Andrew Kelly and Alicia Dark

BIFA update: Time for payment schedules, withholding payment & treatment of suppliers

Andrew Kelly and Alicia Dark

12 November, 2018

Security of payment

The recent passing of the Plumbing and Drainage Bill 2018 (Qld) by the Queensland Government, has provided answers to various questions raised by the industry in relation to the new security of payment regime and the operation of project bank accounts (PBAs) under the Building Industry Fairness (Security of Payment) Act 2017 (Qld) (BIFA).

The changes to the PBAs are already in effect.  Links to previous Construction Alerts in respect of the introduction of PBAs can be found at the end of this Alert.  As anticipated, it was confirmed by proclamation made last week that the changes to the security of payment provisions will come into effect on 17 December 2018.  The BIFA will then apply to all payment claims made from that date (regardless of whether contracts that may have been entered into prior to that date).

The changes highlight the necessity of ensuring that your contracts (whether head contracts, subcontracts or consultancy agreements) align with the new regime.

Changes to timing for payment schedules

Currently, a respondent has 10 business days for standard payment claims ($750,000 or less excluding GST) and 15 business days for complex payment claims (those $750,000 excluding GST or more) to provide a payment schedule under the Building and Construction Industry Payments Act 2004 (Qld) (BCIPA).

When the BIFA was originally passed, it provided that a payment schedule had to be issued within 25 business days after the date of the payment claim.  Practically, this was troublesome, given that, if the Queensland Building and Construction Commission Act 1991 (Qld) (QBCC Act) applied to the work performed, it meant that payment schedules could be issued after the due date for payment.

Now, due to the recent amendments, when the security of payment provisions under BIFA come into effect, the time for providing a payment schedule will be 15 business days, unless the contract provides for a shorter time frame.

Accordingly, we are encouraging participants in the industry to ensure that their construction contracts align with the QBCC Act and the BIFA to ensure that they provide the maximum amount of time possible for issuing payment schedules, whilst still complying with the maximum time period for payment under the QBCC Act (where building work has been performed).


The amendments in respect of PBAs have the effect of making a head contractor liable to make payments to a subcontractor in certain circumstances and otherwise limit the head contractor’s ability to withhold or withdraw funds from PBAs.

Whereas previously a head contractor could potentially withhold payment pursuant to an entitlement under contract; now, if an amount is certified in a payment schedule, or otherwise assessed as payable, the head contractor will not be entitled to withhold amounts for any reason, unless those amounts are included in the payment schedule.  Amounts that the head contractor wants to withhold will be paid into the disputed funds PBA account and held there until the dispute is resolved.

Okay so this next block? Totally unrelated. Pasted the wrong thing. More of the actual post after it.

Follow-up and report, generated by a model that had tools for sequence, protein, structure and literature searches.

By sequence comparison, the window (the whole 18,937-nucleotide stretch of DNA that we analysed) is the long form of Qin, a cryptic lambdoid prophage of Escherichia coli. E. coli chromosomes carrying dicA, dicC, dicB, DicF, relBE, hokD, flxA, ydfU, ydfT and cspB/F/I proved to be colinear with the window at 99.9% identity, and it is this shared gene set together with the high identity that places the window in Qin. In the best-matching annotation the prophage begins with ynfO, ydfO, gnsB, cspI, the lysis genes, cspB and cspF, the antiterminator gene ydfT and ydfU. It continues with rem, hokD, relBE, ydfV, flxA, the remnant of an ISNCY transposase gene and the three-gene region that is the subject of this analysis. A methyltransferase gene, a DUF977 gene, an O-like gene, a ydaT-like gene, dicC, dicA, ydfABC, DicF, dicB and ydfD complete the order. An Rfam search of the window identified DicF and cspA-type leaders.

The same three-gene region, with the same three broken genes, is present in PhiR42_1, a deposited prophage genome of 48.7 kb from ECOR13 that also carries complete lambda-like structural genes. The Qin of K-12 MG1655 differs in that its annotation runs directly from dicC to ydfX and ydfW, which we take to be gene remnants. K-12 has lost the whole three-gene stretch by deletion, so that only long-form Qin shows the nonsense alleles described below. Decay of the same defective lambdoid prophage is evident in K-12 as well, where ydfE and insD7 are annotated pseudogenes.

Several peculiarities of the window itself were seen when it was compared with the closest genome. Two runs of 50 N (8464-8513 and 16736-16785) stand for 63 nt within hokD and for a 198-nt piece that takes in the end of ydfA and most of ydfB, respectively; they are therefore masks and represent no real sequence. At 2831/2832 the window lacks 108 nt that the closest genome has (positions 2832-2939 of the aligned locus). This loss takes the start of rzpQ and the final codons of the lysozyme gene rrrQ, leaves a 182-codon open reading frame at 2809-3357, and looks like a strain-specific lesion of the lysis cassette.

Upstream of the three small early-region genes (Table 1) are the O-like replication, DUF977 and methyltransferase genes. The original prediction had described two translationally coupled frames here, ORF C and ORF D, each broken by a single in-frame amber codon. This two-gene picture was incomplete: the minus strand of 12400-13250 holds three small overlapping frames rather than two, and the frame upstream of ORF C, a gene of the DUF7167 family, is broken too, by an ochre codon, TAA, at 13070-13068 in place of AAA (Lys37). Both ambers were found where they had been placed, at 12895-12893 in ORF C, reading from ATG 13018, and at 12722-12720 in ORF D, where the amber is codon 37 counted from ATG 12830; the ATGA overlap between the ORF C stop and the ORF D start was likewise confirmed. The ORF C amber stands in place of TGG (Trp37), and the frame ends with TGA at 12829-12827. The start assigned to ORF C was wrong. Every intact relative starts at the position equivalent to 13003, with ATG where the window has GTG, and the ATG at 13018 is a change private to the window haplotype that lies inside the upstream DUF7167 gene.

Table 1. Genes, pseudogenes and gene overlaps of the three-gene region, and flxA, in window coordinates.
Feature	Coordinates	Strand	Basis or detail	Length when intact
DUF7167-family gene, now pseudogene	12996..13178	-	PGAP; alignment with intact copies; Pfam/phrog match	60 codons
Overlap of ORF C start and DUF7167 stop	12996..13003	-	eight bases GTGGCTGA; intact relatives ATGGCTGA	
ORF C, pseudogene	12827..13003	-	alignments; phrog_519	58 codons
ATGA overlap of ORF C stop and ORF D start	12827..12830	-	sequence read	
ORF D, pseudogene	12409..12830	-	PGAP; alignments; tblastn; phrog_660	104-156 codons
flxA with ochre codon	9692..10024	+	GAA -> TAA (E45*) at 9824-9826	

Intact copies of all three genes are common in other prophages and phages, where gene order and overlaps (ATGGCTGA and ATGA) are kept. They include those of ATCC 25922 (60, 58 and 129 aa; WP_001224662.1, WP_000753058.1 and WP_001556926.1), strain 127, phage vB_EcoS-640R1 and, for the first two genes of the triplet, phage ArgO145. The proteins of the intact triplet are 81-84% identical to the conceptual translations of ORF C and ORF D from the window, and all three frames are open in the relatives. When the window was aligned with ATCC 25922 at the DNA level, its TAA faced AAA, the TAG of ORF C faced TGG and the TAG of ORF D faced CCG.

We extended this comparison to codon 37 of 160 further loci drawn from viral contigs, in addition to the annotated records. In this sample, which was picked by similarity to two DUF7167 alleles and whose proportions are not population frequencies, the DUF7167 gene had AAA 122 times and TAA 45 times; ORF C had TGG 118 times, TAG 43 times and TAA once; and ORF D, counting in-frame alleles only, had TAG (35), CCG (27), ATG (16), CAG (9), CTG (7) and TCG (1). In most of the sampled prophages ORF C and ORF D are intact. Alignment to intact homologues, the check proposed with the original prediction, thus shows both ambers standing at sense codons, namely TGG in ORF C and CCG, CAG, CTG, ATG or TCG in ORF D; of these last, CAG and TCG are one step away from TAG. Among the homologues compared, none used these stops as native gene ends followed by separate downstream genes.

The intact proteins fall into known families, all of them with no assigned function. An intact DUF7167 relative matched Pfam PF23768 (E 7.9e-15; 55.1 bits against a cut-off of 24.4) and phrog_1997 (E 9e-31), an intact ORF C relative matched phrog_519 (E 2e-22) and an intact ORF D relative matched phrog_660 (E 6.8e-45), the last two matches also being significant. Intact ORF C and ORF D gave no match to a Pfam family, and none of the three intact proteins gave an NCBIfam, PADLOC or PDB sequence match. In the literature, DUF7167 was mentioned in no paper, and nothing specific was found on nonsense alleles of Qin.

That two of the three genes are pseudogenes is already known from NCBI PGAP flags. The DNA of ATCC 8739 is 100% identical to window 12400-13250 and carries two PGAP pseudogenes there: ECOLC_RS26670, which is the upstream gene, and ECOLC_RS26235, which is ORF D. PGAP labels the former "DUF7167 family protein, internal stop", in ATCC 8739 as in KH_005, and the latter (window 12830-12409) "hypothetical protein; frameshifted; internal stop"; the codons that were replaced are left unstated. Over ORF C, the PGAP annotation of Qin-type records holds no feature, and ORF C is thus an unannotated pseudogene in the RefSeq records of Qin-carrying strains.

Under the BIFA, PBAs do not apply to subcontractors who are suppliers.  The new changes amend the definition of a supplier.  Previously a supplier was defined as a subcontractor who is only required to supply goods and services without also carrying out building work, except if the goods supplied were specifically manufactured, or significantly modified, by the subcontractor for incorporation into, or for use in connection with, the building work to be carried out under the head contract.

Those exceptions have now been removed and instead a subcontractor will not be deemed to be a supplier if it is required to hold a licence or authority to lawfully supply the goods or services under either the Building Act 1975 (Qld), Electrical Safety Act 2002 (Qld), Plumbing and Drainage Act 2002 (Qld), QBCC Act or another other Act prescribed by regulations.

This is an important change given that the definition restricts which subcontractors will be deemed to be considered suppliers and accordingly whether head contractors will be required to incur administrative costs and potential liabilities attached to PBAs if not.

Other changes include:

  • imposing a 2 year maximum imprisonment penalty for head contractors unlawfully withdrawing part of the retention amount from the retention fund; and
  • changing the definition of money which must be paid into the PBA from money the subcontractor is ‘entitled to be paid’, to money the head contractor is ‘liable to pay’.

For more information on how the BIFA will affect you, please feel free to contact the authors or otherwise view our previous BIFA Construction Alerts via the following links:

  1. 24 August 2017;
  2. 13 October 2017;
  3. 30 October 2017;
  4. 27 February 2018;
  5. 2 March 2018; and
  6. 16 May 2018.